Why Stock Market Highs With So Much Bad News Around?

You might get asked at interview to explain why with so much bad news around Stock Markets around the world are generally at or above historic highs yet there is an avalanche of global bad news around including war in Ukraine, Syria and Gaza , European economies (except UK)  still crippled with zero economic growth, recession still in Japan, an Ebola health scare in Africa and a worrying UK/Scotland independence vote back home.

From a theoretical perspective global equity markets should be significantly lower and plenty of ‘experts’ have been predicting this downward movement in shares over the last 18 months. Predictions of gloom have been relentless. Yet the markets have moved the other way i.e. upwards!  

This is the whole point and the reason share markets have climbed a ’wall of fear’. Investors have lost out and not benefitted from rising share prices as they have followed popular ‘experts’ and put their money in safe investments such as Deposit Funds or Bond Accounts. They have been waiting for cheaper share prices which have never appeared. Prices have moved in the opposite direction!

With any ‘bull (rising) market’ the bull wants to run for free with as few investors on his back as possible!  Investors have wrongly been positioned for a ‘bear (falling) market’. Share prices may suffer a set-back at some stage but there is a wall of money waiting to enter the market from the many investors who have ‘missed out’. The market is unlikely to fall far and may continue its overall upward assent.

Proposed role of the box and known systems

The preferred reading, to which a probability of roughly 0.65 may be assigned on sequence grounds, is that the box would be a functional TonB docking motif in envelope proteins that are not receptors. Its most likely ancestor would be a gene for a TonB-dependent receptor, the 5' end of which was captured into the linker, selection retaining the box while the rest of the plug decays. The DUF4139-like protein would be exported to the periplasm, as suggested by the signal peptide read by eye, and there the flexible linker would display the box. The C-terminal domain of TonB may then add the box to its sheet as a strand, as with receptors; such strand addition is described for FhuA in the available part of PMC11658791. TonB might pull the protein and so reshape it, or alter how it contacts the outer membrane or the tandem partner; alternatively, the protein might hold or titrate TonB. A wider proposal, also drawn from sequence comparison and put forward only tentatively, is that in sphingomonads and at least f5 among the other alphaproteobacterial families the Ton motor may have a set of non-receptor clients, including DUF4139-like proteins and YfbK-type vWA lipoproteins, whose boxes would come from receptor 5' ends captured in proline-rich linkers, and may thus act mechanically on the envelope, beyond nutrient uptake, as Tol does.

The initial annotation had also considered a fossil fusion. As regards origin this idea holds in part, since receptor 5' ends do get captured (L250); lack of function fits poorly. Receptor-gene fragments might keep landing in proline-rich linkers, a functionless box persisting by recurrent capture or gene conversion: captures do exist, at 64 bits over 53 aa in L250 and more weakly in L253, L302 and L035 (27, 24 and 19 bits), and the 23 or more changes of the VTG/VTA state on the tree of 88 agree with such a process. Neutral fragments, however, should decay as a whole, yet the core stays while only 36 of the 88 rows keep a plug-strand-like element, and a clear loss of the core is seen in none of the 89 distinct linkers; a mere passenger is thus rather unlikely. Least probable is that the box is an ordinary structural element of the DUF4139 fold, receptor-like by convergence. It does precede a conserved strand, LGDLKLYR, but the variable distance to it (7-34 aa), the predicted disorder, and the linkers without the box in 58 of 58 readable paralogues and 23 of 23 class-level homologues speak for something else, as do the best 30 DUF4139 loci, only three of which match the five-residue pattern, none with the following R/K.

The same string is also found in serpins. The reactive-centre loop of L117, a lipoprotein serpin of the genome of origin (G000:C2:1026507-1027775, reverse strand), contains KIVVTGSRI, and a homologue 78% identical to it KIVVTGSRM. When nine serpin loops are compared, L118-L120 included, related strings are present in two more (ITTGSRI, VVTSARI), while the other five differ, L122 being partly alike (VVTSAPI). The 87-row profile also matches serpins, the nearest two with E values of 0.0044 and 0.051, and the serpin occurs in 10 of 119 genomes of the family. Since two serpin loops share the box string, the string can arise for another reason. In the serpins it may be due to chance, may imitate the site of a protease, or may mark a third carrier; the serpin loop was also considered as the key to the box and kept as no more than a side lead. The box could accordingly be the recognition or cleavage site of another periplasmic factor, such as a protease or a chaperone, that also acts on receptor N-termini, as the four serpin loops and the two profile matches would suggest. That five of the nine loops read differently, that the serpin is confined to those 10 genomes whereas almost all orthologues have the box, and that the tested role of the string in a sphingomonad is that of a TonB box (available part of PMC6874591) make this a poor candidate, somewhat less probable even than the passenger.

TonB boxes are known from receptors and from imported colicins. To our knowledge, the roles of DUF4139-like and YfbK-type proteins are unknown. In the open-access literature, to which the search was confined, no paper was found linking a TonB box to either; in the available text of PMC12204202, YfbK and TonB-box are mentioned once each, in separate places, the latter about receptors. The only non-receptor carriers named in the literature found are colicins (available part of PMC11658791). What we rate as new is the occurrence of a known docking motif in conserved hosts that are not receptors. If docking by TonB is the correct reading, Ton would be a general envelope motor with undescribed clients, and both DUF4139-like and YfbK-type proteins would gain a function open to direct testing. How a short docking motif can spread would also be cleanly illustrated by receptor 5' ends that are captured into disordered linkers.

Historically the time to sell shares has been when there is a general air of euphoria around and selling would seem a dumb move! When people are talking about how there is easy money to made in shares. When the person next to you at work has just doubled his money in the latest ‘hot stock’. When news programmes are dominated with stories about the relentless rising market. This was particularly so in 1987 when investors piled in just before the October crash or when the ‘dotcom’ technology boom finally bust in 2000. There is none of this euphoria around today!

With investors out of the market it’s going to take an awful lot of bad global news to appease those prophets of market doom.   

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About Paul McCormick

Paul McCormick is the founder of Opening City Doors and is a Financial Market Specialist having worked for several leading Investment Banks and financial technology institutions additionally.He therefore provides a unique insight, and unusually broad perspective, into the opportunities available in London Financial Markets and related sectors and how to launch your career in the ‘City’.